Soil being one of the most important bases for the production of food crops has been eyed by the government by introducing schemes which encourages nutrition and good health of soil. The government’s massive scheme to analyze the soil quality of farms across the country may get a technology boost by using real time satellite data instead of using soil samples for the determination of quality. The Department of Science and Technology (DST) is looking to link a programme with a research project at the Indian Institute of Technology Bombay that uses sophisticated imaging techniques and can picture the nutrient balance of a patch of land without collecting soil sample.
Hyper spectral imaging which means analyzing extremely detailed images of an object frequently to the scale of nanometres and then reconstructing its constituent elements as explained by D. Ramakrishnan, Professor, IIT Bombay’s Earth Sciences Department. Using custom-developed algorithms, satellite-images, or those taken from low flying planes or drones, can be used to calculate the proportion of nitrogen, potassium and phosphorous — the three most vital nutrients — as well as other minerals in the soil and be used to gauge its health. This kind of spectroscopy can be used to analyze soil health, though it has wider applications in geology, characteristics of air pollution etc.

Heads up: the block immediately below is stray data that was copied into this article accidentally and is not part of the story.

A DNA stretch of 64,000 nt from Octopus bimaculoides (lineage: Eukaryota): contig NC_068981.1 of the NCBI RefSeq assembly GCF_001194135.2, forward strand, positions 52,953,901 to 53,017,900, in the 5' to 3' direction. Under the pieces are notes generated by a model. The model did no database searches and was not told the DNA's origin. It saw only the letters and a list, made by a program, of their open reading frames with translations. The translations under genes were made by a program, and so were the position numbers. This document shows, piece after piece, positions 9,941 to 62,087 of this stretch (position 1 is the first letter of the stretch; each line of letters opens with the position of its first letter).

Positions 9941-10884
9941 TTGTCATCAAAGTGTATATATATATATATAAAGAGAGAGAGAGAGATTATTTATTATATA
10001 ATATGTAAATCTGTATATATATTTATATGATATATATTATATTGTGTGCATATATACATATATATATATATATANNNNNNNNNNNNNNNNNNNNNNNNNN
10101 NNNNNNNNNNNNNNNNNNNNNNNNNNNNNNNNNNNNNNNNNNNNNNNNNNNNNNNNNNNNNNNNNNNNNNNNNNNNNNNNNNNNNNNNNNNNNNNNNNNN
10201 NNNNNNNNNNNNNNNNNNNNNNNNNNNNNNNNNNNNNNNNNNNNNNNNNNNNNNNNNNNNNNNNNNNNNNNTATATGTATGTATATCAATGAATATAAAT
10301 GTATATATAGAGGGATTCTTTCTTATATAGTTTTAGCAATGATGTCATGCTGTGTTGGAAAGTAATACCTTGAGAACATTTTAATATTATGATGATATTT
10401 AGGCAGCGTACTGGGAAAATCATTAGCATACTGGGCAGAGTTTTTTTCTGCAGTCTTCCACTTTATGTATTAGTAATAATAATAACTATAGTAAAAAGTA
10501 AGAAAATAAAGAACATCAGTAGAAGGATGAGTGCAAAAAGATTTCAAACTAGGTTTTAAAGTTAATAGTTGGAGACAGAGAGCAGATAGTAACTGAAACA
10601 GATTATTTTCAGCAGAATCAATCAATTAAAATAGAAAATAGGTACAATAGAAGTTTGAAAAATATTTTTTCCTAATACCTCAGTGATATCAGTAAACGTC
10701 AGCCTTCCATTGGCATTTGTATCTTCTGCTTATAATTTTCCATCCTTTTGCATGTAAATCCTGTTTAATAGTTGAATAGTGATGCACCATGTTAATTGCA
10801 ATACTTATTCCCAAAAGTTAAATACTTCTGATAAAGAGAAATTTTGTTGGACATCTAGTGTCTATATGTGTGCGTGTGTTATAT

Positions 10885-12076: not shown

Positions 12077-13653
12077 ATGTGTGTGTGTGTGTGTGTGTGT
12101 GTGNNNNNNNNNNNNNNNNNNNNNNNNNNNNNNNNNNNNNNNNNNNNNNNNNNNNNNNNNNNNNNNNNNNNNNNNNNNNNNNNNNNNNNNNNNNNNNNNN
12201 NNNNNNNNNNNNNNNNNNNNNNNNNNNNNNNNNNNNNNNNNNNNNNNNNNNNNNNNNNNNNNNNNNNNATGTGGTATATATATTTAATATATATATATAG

This group is attempting to build a database of soil samples across the country and has gleaned about a third of their requirements. In about 2.5 years a complete database of samples across India is thought to have set up. However to be able to map the country effectively satellite pictures would be needed. Currently no Indian satellite has the capability to take nano-scale pictures resolution.